Last year, the government held a consultation about introducing one week's carer’s leave to help employees with long-term caring responsibilities to balance these with their paid work. It has now published its response to that consultation which explains how the new law will work.
Who is eligible?
Carer's leave will only be available to employees (rather than the wider group of workers) who have a relationship with the person they are caring for. Broadly, the relationship will follow the definition of 'dependant' that is used for the right to take time off for dependants. This includes a spouse, civil partner, child, parent, a person who lives in the same household as the employee (other than by reason of them being their employee, tenant, lodger, or boarder) or a person who reasonably relies on the employee for care. The latter category is wide enough to include grandparents and siblings etc.
It's also dependent on the person being cared for having a long-term care need. This is defined as someone with a disability (as defined under the Equality Act 2010) or someone who has 'issues relating to old age'. There are limited exemptions to this requirement such as looking after someone with a terminal illness.
The leave will be a 'day one' right which means that employee's won't have to worked for their employer for a minimum period before they can take it. And, employees will be protected from being penalised for taking this leave and, if they are dismissed because they have asked to take it, or have taken it, their dismissal will be automatically unfair.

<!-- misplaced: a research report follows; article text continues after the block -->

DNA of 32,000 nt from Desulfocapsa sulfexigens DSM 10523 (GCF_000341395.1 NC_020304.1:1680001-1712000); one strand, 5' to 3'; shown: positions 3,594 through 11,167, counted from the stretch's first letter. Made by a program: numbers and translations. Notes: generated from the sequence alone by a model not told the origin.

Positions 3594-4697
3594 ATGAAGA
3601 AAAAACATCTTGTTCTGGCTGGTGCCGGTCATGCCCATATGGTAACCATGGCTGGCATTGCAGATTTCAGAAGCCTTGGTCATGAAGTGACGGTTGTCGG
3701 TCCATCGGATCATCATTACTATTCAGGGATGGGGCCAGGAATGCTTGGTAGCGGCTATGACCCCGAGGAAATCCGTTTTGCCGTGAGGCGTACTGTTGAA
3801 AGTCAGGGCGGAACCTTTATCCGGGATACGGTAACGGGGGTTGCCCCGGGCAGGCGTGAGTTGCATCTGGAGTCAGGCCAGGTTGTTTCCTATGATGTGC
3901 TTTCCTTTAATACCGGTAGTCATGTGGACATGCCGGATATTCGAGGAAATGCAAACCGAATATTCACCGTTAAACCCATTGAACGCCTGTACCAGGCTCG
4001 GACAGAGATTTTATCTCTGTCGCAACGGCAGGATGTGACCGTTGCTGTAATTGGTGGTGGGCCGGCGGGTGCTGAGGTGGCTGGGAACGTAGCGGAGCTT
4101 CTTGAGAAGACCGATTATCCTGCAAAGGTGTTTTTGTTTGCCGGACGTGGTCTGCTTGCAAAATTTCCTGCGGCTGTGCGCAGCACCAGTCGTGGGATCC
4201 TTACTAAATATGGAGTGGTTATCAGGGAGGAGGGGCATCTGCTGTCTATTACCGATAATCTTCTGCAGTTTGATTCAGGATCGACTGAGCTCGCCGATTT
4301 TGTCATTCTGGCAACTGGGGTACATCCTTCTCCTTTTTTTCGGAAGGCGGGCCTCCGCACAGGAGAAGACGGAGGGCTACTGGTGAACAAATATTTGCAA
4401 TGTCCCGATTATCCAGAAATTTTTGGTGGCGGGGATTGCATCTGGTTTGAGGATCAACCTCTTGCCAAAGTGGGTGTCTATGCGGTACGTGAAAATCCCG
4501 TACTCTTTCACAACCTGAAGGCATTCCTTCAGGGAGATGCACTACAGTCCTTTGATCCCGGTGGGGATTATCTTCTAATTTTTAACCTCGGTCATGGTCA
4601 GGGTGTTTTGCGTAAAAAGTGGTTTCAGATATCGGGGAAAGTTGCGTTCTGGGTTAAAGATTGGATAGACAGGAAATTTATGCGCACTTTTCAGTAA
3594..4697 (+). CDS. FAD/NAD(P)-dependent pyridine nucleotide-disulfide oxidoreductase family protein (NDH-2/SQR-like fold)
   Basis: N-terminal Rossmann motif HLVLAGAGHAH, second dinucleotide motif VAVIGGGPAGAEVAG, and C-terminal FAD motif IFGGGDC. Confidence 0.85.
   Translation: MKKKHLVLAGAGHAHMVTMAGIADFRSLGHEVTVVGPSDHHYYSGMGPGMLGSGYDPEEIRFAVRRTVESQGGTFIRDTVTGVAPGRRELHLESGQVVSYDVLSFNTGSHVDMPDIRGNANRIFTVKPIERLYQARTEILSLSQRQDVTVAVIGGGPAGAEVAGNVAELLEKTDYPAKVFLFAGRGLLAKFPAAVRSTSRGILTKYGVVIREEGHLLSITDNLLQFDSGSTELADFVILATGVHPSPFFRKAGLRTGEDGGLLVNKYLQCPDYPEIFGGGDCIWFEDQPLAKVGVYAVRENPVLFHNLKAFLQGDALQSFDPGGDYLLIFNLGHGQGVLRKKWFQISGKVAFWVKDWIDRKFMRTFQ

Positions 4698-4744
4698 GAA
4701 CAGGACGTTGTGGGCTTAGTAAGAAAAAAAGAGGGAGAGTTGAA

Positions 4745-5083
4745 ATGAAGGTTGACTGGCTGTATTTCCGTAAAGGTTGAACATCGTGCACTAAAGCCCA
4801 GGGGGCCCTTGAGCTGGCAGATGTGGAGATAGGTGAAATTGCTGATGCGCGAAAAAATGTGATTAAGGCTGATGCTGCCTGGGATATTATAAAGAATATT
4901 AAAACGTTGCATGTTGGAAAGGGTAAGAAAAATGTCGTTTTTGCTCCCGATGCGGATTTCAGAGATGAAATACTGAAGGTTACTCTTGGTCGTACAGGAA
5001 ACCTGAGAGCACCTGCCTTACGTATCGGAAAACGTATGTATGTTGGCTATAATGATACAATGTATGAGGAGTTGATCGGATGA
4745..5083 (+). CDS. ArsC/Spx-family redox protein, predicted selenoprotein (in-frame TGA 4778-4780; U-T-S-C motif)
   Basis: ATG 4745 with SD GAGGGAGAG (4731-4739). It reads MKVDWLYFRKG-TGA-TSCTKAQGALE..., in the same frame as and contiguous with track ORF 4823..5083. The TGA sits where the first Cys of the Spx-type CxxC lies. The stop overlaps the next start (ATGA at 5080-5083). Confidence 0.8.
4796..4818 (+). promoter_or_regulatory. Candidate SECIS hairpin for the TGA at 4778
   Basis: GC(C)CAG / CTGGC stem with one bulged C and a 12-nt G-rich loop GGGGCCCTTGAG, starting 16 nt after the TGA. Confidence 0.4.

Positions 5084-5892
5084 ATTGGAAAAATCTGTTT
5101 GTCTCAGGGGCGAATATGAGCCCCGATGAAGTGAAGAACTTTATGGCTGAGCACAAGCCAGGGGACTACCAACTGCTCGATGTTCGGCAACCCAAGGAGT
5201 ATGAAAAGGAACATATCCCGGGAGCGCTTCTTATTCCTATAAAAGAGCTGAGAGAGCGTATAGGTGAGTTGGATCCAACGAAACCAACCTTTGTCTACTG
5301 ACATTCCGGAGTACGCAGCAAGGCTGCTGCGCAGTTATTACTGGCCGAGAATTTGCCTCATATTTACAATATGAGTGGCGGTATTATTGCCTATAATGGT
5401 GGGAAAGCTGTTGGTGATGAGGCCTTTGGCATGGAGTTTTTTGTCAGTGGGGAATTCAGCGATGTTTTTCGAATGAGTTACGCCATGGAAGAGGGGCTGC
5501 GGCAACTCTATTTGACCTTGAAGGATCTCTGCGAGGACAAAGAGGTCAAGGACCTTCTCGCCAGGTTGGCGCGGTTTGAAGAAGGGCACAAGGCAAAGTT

What type of care must be provided to qualify?
The government has opted to include a broad definition of the type of care to be provided. It will include providing care themselves as well as making arrangements for their dependent to be cared for by someone else. It also includes providing practical support such as helping their dependant with financial or other official matters.
How can leave be taken?
Employees will be able to take up to one week's leave per year which they can take in one block or as individual days or half days.
Do they have to give notice first?
Yes. Employees will have to give twice the length of notice as the length of time they want to take off, plus one day. For example, if an employee wants to take one days carer's leave, they would need to ask to take it at least two days beforehand. Employers won't be able to turn down requests but can postpone them if they believe that the operation of their business would be unduly disrupted.
Employees won't have to provide any actual evidence to prove that they need leave to care for someone. Instead, they will self-certify that they qualify. Employers can discipline anyone who makes a false application or misleads them in some other way.
Will leave be paid?
No. The right is for one week's unpaid leave.
How many employees will be eligible to take carer's leave?
The government has said that there are around four million people across the UK providing unpaid care, nearly half of which are also in work. Of those in employment, around 66% have used their annual leave entitlement to take time out of work to fulfil caring responsibilities, often because other options were not available. Take up could be quite high, although the fact that's it's unpaid may prevent those who are low incomes from using it.
When will carer's leave come into force?
Not immediately. The government has said that it will introduce legislation when 'parliamentary time allows'. We'll keep you updated.
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